Today MP Karen Buck’s Homes (Fitness for Human Habitation) Act has come into force. This new Act, making amendments to the Landlord and Tenant Act 1985 and the Building Act 1984, has been put in place to change the state of safety in rented accommodation for tenants.
Having gained Government support, Buck has finally managed to win her fight to bring in the Bill, after two previous failed attempts. News Editor for Housing Management & Maintenance magazine Patrick Mooney has pointed out in a recent article that these past efforts had been “talked out largely by Conservative MPs, who also happened to be private landlords themselves.”
We are not going to see any new additions to laws concerning housing standards in the UK, but this Act will provide more power to tenants, in regards to enforcing the standards that are already in place.
Buck stated: “There are a million properties, home to some three million people, that are unsafe or unfit to occupy, and this Act will provide those tenants, private and public, with a way to act against bad landlords.”
The Act currently affects any new tenancy granted from now on, with the amendments also affecting renewed tenancies from next year.
As with any change in legislation that will affect landlords, there is a worry that some may sell up and pull out of the market. However, despite these concerns, there is support for the Act from housing associations.
David Cox, Chief Executive of ARLA Propertymark, has commented: “These rules give renters greater protection against criminal operators and it is a step in the right direction for the market. We congratulate Karen Buck and we look forward to continuing to work with her to achieve better enforcing against those who bring the sector into disrepute.”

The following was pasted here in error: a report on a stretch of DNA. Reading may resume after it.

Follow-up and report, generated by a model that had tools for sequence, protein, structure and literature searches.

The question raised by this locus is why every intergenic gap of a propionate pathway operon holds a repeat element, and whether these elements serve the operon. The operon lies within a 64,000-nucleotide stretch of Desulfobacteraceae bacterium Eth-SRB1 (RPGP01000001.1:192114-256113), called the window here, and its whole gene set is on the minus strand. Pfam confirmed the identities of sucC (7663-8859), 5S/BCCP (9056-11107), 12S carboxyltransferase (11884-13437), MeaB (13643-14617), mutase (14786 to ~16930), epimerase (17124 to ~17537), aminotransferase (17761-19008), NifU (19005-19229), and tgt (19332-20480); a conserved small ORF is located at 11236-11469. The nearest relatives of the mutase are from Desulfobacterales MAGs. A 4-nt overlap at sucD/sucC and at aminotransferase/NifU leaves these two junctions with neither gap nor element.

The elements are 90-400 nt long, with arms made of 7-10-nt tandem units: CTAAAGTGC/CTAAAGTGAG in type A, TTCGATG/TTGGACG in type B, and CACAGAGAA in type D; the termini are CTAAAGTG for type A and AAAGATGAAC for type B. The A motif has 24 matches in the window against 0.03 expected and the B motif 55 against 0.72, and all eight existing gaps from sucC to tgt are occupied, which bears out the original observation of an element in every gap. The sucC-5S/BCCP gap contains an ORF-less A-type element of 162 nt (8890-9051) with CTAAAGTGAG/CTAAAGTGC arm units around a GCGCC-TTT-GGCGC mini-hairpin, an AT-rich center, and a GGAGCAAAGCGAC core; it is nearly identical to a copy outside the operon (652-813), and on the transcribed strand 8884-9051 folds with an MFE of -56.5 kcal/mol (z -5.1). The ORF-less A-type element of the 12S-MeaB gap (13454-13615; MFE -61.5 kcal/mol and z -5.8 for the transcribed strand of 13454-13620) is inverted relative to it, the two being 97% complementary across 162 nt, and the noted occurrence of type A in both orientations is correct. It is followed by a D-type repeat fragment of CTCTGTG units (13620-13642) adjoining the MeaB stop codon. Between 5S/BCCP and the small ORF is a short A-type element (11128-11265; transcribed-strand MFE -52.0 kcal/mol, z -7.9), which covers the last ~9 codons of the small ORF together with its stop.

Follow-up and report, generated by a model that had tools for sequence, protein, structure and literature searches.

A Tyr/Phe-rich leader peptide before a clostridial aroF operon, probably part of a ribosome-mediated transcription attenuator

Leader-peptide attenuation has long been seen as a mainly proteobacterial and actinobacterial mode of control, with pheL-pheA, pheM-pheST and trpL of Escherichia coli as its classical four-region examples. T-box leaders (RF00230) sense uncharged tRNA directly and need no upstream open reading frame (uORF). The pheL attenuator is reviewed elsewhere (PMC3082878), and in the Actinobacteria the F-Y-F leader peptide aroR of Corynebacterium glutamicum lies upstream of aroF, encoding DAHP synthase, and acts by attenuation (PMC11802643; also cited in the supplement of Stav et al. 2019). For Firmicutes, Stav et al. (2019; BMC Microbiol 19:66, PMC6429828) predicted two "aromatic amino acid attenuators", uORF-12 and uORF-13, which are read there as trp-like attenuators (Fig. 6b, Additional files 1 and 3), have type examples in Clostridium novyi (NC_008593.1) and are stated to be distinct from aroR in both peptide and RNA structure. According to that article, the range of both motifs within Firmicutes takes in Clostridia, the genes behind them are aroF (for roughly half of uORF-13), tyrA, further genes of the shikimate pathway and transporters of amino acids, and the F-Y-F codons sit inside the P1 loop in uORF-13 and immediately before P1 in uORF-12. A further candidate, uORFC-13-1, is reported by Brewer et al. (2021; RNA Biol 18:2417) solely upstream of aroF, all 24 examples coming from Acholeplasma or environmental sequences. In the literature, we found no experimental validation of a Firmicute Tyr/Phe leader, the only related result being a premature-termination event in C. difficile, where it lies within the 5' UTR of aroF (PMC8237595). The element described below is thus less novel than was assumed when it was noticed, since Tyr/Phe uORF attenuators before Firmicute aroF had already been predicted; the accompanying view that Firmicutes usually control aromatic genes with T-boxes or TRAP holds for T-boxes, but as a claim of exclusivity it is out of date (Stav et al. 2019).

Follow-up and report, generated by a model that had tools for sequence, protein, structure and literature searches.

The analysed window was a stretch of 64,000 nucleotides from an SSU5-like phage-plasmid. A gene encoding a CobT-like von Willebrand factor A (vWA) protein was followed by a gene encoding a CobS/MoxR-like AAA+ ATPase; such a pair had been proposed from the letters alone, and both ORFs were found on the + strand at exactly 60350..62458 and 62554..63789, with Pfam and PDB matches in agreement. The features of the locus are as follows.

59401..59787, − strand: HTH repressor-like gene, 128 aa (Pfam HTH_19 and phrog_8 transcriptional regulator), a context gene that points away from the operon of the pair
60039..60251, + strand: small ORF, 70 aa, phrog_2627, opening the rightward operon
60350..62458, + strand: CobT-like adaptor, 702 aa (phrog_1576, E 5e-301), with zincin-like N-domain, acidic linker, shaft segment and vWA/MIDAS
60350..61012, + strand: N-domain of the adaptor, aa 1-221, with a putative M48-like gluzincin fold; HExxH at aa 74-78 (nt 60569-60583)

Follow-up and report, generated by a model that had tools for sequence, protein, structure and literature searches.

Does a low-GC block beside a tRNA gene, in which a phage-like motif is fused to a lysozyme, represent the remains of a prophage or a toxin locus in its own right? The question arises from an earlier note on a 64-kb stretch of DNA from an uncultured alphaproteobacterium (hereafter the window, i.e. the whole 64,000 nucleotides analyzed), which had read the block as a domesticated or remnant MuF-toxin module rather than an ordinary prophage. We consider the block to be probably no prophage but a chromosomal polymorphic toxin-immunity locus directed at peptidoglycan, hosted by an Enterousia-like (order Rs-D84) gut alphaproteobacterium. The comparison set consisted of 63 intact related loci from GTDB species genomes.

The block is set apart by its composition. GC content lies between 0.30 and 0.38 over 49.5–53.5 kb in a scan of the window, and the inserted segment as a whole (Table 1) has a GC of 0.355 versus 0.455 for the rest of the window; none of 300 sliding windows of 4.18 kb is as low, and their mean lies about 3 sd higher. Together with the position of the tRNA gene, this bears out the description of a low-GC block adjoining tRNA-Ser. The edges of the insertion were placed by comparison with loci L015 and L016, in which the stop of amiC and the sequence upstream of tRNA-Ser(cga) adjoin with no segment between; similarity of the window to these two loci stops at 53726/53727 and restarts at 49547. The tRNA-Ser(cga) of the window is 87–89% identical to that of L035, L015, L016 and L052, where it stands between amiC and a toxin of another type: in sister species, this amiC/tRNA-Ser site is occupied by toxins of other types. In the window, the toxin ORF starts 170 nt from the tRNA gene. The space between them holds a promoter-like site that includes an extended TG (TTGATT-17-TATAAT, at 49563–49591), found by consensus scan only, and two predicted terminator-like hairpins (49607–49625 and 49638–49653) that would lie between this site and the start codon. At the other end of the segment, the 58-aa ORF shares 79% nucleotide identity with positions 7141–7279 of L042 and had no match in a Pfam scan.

This new law makes it easier for tenants to take a landlord to court, if the accommodation they provide does not meet legal standards. Properties need to be fit for habitation at the beginning of a tenancy, which is the responsibility of any social or private rental sector (PRS) landlord, or the agent managing the property on their behalf.
The good landlords out there need not worry, as they should not find themselves in a situation affected by this act. It is the individuals who believe that they can get away with taking rent payments from tenants for accommodation that is not fit to live in, who will hopefully be more successfully held accountable for their actions (or lack of).
Will the Homes (Fitness for Human Habitation) Act have the desired affect on the PRS? As with any new law passed, only time will tell, but we hope that it does help to increase the amount of safe and reliable housing in the UK.